However since the roof is like a different part of the car, I built it separately after alignment. For this part of the build I generated a high density mesh from the pointcloud and used the Wrapit plugin from Matt Clark for 3DS Max.
    This is a great plugin for modelling over high density meshes and suited the task of this more organic and 'rough' form of a convertible roof. Also given the fairly high frequency detail of a convertible roof (seams and feint details), having a high density mesh to bake to a normal map is useful.

    To use the pointclouds to build from, firstly I draw 2d splines around panels. So for example the side skirt.

    I generate a nice topology and quad flow for the panel in question, helped with smoothing and flow tools like WrapIt once again.
    The edges are snapped to my spline outline (not shown here). The edges are then inset by around 0.5cm and removed. This serves two purposes.

    Firstly when you conform the mesh to the point cloud, the edges are obviously not entirely clear to the conformer as they fold away along the direction of the conform, so conforming to the flat surface away from the edge gets much better results.
    But also the edges need an edge treatment bevel too. So again using the WrapIt plugin, I can select the edges after conforming, and extend them by 0.5cm, and then extrude them again by 0.5cm to give the panel 'depth'

    As you can see this side skirt looks great. Infact this is one area where blueprints were useless as this part is almost totally hidden except for the 'side' view.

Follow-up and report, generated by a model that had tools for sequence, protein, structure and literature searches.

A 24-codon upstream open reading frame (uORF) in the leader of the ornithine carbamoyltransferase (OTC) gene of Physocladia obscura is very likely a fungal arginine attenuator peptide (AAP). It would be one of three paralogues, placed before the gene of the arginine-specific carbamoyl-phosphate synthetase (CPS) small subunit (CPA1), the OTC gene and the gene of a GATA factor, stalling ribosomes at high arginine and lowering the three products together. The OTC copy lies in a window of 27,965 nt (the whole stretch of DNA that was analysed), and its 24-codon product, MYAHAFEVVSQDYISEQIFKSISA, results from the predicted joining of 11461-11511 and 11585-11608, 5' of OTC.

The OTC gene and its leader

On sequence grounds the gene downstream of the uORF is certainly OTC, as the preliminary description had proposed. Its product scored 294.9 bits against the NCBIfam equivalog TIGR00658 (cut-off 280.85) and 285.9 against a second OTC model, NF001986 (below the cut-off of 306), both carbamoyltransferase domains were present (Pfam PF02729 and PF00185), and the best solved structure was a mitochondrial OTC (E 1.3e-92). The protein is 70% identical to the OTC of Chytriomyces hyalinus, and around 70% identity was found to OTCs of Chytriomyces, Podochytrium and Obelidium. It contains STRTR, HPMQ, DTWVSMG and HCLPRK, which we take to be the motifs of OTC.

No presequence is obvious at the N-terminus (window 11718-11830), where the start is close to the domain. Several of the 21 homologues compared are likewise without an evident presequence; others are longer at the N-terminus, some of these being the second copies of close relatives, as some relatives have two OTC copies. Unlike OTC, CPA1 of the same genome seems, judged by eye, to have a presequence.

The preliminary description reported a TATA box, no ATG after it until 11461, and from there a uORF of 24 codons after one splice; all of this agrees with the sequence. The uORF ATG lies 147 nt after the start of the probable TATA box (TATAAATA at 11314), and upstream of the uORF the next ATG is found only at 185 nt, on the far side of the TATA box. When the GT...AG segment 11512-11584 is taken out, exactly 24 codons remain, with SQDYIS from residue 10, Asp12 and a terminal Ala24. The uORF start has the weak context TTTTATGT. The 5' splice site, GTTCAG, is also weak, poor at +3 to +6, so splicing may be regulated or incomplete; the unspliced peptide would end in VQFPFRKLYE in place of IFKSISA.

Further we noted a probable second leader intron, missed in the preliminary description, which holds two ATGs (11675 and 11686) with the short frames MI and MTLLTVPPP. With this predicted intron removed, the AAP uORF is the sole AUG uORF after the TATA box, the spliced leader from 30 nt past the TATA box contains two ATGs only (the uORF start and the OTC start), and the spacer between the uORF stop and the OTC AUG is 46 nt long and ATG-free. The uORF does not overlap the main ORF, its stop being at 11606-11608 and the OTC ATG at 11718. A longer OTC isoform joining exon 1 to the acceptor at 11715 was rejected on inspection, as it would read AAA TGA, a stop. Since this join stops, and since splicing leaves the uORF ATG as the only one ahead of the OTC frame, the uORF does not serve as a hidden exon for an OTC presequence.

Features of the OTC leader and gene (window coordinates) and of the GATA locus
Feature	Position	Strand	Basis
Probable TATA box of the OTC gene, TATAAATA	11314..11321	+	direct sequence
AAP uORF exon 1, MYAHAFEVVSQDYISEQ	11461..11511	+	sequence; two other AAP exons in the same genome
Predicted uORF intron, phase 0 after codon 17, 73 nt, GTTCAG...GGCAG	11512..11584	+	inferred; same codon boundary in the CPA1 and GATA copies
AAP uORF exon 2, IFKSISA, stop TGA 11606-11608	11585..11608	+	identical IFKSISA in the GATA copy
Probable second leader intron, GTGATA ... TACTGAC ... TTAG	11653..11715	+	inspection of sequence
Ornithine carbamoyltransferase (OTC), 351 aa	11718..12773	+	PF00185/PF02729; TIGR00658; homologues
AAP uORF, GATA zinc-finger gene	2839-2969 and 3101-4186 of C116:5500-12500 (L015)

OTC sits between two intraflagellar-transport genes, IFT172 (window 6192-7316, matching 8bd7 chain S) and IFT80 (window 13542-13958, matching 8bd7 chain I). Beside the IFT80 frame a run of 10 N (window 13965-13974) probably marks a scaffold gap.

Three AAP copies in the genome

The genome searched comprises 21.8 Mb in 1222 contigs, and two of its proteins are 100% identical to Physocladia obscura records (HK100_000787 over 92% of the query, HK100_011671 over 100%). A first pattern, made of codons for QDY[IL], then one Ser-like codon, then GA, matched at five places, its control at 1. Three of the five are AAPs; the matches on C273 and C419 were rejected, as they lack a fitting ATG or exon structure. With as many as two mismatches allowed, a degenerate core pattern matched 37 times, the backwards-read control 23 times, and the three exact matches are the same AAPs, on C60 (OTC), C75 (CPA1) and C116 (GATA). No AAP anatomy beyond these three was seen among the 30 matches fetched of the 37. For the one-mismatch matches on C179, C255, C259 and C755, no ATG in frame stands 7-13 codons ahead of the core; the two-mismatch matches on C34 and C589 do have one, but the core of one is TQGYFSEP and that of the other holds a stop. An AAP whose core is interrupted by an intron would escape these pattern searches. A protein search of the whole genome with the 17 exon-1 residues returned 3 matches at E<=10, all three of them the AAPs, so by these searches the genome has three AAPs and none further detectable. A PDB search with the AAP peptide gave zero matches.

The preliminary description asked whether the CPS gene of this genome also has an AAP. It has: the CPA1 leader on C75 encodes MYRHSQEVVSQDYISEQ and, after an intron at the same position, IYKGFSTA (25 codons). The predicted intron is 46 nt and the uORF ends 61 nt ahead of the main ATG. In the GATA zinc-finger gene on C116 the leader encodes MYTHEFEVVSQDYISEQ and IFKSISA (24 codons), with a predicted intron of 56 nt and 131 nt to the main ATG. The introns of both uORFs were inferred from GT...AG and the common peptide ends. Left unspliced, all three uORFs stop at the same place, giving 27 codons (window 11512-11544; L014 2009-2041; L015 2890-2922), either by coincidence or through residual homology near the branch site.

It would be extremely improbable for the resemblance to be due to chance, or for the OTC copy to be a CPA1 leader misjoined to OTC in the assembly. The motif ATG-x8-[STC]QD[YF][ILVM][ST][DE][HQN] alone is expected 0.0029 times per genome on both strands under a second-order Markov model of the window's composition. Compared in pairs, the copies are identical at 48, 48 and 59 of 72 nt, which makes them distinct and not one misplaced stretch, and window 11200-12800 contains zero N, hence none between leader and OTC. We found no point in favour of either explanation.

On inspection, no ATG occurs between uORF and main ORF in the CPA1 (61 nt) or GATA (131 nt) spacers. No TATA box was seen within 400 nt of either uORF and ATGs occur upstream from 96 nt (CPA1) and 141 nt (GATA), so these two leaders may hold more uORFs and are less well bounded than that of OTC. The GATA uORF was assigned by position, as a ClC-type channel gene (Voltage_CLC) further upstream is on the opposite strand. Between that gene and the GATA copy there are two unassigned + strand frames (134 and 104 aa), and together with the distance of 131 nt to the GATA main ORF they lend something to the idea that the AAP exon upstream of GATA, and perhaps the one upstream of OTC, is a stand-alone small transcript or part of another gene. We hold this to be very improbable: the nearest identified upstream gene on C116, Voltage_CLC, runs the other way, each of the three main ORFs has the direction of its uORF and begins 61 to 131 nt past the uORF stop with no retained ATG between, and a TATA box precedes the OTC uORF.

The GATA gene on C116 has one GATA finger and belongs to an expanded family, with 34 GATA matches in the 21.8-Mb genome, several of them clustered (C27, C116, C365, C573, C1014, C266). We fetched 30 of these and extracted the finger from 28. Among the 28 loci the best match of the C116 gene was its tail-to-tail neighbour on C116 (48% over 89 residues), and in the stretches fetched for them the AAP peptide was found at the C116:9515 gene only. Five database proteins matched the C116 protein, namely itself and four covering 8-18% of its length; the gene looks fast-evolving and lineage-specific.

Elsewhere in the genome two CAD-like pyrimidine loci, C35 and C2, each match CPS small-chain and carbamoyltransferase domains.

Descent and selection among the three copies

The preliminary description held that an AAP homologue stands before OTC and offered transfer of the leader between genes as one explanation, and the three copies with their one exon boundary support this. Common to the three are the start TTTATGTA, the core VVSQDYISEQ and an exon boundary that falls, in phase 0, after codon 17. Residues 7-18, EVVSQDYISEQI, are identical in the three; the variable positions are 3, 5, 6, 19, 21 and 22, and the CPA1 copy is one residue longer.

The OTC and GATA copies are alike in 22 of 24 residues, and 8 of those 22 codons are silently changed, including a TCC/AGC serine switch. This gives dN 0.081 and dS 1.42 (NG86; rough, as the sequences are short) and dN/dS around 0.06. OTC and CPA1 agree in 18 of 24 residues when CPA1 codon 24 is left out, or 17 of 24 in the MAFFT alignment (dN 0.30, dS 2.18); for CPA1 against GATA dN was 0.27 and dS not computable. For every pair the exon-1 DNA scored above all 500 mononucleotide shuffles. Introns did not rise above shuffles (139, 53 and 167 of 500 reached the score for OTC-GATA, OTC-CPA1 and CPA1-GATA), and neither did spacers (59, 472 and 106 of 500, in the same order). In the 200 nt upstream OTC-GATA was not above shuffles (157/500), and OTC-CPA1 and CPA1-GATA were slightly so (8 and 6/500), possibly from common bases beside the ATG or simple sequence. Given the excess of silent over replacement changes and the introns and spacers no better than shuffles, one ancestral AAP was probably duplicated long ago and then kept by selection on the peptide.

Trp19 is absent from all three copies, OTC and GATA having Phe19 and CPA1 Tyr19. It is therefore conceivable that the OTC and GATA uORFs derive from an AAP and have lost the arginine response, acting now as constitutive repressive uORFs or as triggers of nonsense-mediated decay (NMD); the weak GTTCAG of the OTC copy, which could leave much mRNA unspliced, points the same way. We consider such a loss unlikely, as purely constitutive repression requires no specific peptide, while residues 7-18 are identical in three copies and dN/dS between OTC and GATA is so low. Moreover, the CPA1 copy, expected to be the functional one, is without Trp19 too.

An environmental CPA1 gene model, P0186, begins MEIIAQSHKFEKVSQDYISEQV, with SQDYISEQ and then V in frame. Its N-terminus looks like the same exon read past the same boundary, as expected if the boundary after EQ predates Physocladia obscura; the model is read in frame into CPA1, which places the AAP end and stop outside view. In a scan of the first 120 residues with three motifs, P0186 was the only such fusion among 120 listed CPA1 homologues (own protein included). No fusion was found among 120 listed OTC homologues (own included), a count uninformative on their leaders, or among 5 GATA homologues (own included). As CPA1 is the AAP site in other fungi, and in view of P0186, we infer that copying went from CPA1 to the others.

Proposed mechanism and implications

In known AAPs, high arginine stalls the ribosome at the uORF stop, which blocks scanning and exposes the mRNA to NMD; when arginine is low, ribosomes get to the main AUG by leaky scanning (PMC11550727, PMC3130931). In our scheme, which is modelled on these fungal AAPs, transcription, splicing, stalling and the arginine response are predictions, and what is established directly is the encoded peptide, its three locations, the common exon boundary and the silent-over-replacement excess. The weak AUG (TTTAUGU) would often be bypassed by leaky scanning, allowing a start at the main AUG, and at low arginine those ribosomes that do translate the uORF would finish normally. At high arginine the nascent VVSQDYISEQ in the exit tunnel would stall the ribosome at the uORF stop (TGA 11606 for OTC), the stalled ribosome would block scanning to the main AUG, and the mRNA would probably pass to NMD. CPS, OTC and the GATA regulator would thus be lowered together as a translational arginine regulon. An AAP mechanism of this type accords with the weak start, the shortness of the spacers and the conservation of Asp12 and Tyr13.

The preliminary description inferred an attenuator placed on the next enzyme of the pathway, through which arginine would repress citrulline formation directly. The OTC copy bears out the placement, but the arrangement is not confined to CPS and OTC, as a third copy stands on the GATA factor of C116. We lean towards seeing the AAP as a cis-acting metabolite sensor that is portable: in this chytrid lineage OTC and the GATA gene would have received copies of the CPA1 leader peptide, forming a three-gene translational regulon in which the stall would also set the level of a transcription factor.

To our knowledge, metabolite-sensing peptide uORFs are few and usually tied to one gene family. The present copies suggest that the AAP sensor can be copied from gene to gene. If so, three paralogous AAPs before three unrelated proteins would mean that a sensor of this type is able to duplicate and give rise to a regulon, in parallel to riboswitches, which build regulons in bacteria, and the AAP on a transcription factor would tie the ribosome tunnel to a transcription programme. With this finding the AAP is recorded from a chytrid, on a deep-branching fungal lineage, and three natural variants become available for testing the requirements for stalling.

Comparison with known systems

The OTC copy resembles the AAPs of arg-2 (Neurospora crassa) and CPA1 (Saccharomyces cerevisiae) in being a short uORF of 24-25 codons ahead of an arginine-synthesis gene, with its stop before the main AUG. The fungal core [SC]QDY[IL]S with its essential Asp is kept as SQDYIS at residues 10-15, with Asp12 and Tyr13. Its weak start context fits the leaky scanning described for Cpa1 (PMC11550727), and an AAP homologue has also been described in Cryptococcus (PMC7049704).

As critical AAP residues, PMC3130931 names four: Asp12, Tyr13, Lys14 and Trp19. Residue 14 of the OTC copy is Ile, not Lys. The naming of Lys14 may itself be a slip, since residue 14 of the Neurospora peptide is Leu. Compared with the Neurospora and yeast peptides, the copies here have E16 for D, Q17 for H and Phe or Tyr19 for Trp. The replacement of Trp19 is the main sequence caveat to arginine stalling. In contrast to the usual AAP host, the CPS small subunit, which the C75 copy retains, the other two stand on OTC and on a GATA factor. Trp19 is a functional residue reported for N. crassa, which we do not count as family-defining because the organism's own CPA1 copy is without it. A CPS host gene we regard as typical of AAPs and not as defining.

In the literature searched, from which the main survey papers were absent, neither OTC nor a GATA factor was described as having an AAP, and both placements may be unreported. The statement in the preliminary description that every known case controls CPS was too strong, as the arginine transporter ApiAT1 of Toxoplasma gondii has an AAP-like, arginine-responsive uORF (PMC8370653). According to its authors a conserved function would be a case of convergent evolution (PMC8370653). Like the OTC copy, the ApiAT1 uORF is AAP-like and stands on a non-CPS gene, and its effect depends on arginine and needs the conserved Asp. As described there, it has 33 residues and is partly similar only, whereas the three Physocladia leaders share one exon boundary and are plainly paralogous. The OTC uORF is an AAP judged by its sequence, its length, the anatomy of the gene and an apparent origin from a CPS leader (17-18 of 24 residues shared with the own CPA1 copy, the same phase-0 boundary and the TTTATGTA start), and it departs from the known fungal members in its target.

Also in every other game I've seen this panel is clearly wrong in one way or another. It's really hard to get correct unless you have reference material like a laser or photoscan!

    The conform process is also not always perfect for whatever reason so can need some small fine adjustments. However the conform process, which multi-samples the point cloud to find the correct 'depth' for a vertex to be placed, usually gives very very nice results.

    Here are a few flow-check shots of conformed panels. As you can see they're pretty much perfect. At most I might push or pull one or two verts on a whole panel by 1 or 2 mm at the most to perfect the flow.

    Finally wheels and tyres.

    How I captured these is pretty self-explanatory in the screenshot. I've built off these using a combination of WrapIt with a high density mesh, and the pointcloud. You can't really conform to these high density details and shapes so just getting in there and modelling with reference meshes and point clouds is the only way to go.

    And to see how detailed I could capture a tyre, here is a tyre capture.

    As you can see it took 73 million points to get lots of nice details, but the mesh is at a level (after testing) to get some really nice normal map data for the tyre sidewall. Obviously it'll be hardly visible in the finished car but it's nice to have a true 3D source for the normal map and diffuse map to match.
    Unwrapped properly it's pretty much round. The only deviation is a feint one at the top of the tyre, and a matching but more dramatic one at the bottom of the tyre (contact with floor). I'll re-capture this with the wheel off the car and laying on it's side facing upwards then I can get it perfect.

    Here is a large image showing the cross-section of the car through the bonnet area just near the windscreen spraying nozzles!


    You can see the spraying nozzles clearly (though not perfectly sharp), and also the dips at each side of the bonnet where the wing panels are very marginally higher.